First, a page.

There is no denying that the innovation and integration of digital technologies has had an immense effect on branding concepts and practices. The rapid growth of the Internet, information systems and mobile-based technologies has completely changed the way brand experiences are delivered through all customer touch points. Current consumers no longer passively experience goods, they are now participating in the experience, adopting the products to new uses, and combining and modifying the products in order to create individually new experiences (Molesworth & Denegri, 2013). With a touch of a screen consumers can access the largest source of knowledge known to man: the World Wide Web. They are able to learn detailed information about brands and their products through company websites, social networking platforms, RSS feeds, blogs, videos, web applications and so on. These digital channels have amplified the number of potential brand touch points and created a digital element for every brand (Weber & Henderson, 2014). In today’s digital landscape, consumers are looking for brands that they can connect with and provide them with meaningful experiences that will enrich their lives.
Concept of Brand Experience
An accurate definition of the concept is given in the Journal of Marketing by Brakus, Schmitt, and Zarantonello (2009): “brand experience is conceptualised as the sensations, feelings, cognitions, and behavioural responses evoked by brand-related stimuli that are part of a brand’s design and identity, packaging, communications, and environments” (p. 52). The majority of brands are experienced through direct touchpoints, such as when consumers are shopping, buying, and consuming products, and they can also be experienced through indirect touchpoints, such as exposure to marketing communications online and offline (Brakus, Schmitt. & Zarantonello, 2009). Consumers are now able to connect with brands via multiple touchpoints such as websites, mobile apps, ads, social networks, and so on. A touch-point is described as a form of engagement or experience with a marketing channel created by the brand, which can include everything from packaging design to telephone calls (Rowles, 2014). A touch-point also goes beyond brand-controlled experiences to things such as word of mouth and social media engagement. The number of platforms and touchpoints has grown immensely for current and potential customers due to the evolution and integration of online and offline access points (Kim, Khoo, & Chang, 2009).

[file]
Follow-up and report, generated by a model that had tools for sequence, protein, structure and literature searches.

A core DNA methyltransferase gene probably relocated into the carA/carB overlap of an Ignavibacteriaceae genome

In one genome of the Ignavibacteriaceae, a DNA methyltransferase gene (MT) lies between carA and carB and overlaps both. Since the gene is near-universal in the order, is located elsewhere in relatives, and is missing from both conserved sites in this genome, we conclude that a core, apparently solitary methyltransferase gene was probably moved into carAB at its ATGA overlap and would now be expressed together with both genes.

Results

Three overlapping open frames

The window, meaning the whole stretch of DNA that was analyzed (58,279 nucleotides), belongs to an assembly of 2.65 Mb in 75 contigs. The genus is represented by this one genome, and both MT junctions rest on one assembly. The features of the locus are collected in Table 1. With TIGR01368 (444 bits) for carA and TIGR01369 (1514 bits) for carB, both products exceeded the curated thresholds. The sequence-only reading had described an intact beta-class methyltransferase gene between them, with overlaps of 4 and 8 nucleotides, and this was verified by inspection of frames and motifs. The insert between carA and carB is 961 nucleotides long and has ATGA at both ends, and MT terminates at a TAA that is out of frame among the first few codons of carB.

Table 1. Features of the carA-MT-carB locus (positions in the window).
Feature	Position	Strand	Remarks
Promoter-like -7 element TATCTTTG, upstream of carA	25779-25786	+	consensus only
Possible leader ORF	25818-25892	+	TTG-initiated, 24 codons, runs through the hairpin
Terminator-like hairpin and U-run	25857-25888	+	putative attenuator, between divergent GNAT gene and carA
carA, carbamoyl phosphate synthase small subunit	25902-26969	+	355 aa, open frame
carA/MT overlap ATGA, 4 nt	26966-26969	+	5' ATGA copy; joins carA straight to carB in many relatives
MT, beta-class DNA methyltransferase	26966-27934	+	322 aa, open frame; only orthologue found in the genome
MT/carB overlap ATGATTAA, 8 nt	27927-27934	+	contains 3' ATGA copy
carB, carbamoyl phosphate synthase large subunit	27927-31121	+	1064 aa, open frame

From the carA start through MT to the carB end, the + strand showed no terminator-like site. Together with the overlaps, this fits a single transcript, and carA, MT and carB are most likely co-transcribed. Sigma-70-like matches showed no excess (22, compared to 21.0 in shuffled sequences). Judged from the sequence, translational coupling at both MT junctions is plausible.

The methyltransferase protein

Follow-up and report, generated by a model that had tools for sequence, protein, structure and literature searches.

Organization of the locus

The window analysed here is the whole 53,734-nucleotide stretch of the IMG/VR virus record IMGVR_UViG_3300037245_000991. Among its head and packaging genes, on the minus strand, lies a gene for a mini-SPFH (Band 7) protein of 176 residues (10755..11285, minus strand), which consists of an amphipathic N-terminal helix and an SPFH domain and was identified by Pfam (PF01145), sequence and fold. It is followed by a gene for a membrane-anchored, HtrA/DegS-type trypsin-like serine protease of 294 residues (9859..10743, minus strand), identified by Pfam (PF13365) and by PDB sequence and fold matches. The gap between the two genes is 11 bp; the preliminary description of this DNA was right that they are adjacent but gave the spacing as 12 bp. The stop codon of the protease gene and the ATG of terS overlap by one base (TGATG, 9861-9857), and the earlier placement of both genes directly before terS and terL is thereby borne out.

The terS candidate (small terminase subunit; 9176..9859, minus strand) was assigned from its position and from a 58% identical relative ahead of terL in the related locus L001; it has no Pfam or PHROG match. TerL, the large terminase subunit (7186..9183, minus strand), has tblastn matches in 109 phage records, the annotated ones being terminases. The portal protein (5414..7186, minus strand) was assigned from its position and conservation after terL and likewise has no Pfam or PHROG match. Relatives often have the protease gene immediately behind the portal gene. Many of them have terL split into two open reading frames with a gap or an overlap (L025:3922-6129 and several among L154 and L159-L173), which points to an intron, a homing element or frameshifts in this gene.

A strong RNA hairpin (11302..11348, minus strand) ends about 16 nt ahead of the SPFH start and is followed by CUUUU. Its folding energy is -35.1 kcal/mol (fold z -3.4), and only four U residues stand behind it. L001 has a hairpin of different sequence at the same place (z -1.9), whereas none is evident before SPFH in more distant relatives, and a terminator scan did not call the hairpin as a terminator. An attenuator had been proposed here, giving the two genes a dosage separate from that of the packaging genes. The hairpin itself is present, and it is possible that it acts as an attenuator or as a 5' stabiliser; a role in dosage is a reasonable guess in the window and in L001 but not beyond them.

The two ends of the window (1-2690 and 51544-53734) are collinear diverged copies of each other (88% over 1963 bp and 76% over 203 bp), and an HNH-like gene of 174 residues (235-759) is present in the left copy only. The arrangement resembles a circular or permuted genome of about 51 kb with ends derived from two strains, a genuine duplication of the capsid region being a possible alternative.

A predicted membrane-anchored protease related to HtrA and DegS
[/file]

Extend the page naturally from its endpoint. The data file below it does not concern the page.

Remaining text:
The brand experience is an ongoing process that begins before consumption (promotions, website, word of mouth, etc.) and continues through to the point of purchase (either online or offline) and post purchase (aftersales service). The brand experience in the most prominent factor in a potential customer’s decision to purchase a product, and “people between the ages of 25 and 34 are most likely to consider, recommend, or pay a premium price based on a better brand experience” (Weber & Henderson, 2014, p.19). It is evident that designing a strong brand experience is essential in acquiring and maintaining customers.
According to Wheeler (2012) there are five prominent principles a brand must keep in mind in order to design a strong brand experience in today’s digital landscape, these include:
- Ubiquitous: the brand should be available around the clock, through the right channels, and at the right time.
- Social: the brand should help current and potential customers build connections with others.
- Semantic: the brand should cut through the clutter and provide relevant information to customers.
- Sentient: the brand should create connections to the real world by sensing the context of customers.
- Human: the brand should simplify complexity and create natural ways for current and potential customers to interact with the brand.
Brand Experience in a Digital Landscape
Digital technologies such as e-commerce, Omni-channel retailing and digital marketing have altered the way brand experiences are delivered. A study conducted by Motorola Solutions (2012) found that “61% of shoppers believe they have access to more information about products than store associates and 73% of those shoppers would prefer to use their smartphone rather than engage a store associate” (p.2). Furthermore, 67% of shoppers indicated that they had a better in-store experience with associates and managers who used the latest mobile technologies (Motorola Solutions, 2012). To understand how and where exactly brand experiences are changing due to digital technologies, we need to focus on the brand related stimuli such as brand design and identity, packaging, communications and environments.
Brand Design and Identity
Central to the survival of brands in this digital environment is the need to provide a positive online brand experience that stimulates positive sensations connected to the five human senses. Current customers want (and even expect) brands to understand and meet their needs, offer relevant interactions, invite participation, engage before, during and after purchase, provide simplicity, be real and be meaningful. “A traditional view of branding says that a brand is: name, term, design, symbol, or any other feature that identifies one seller’s good or service as distinct from those of other sellers” (Rowles, 2014, p.7). In the past, consumers could only purchase items by either buying them in the store and carrying them home or by purchasing them from a catalogue or phone and having it shipped to them. Nowadays, consumers are spoiled with choice as they can combine “online, mobile, catalogue and in-store purchase options with multiple shipping points and receiving areas” (Motorola Solutions, 2012, p.13). The identity and design of a brand can be enhanced through new technologies, as companies are able to share global and unified messages to all its current and potential consumers. The brand identity has the potential to be global as the ability to reach vast amounts of people can be done effortlessly. “Consumers are focusing on those brands that engage them or turn the mundane into something more memorable” (Roodhof, 2015) and this can be done through shared messages and creating a community around the brand.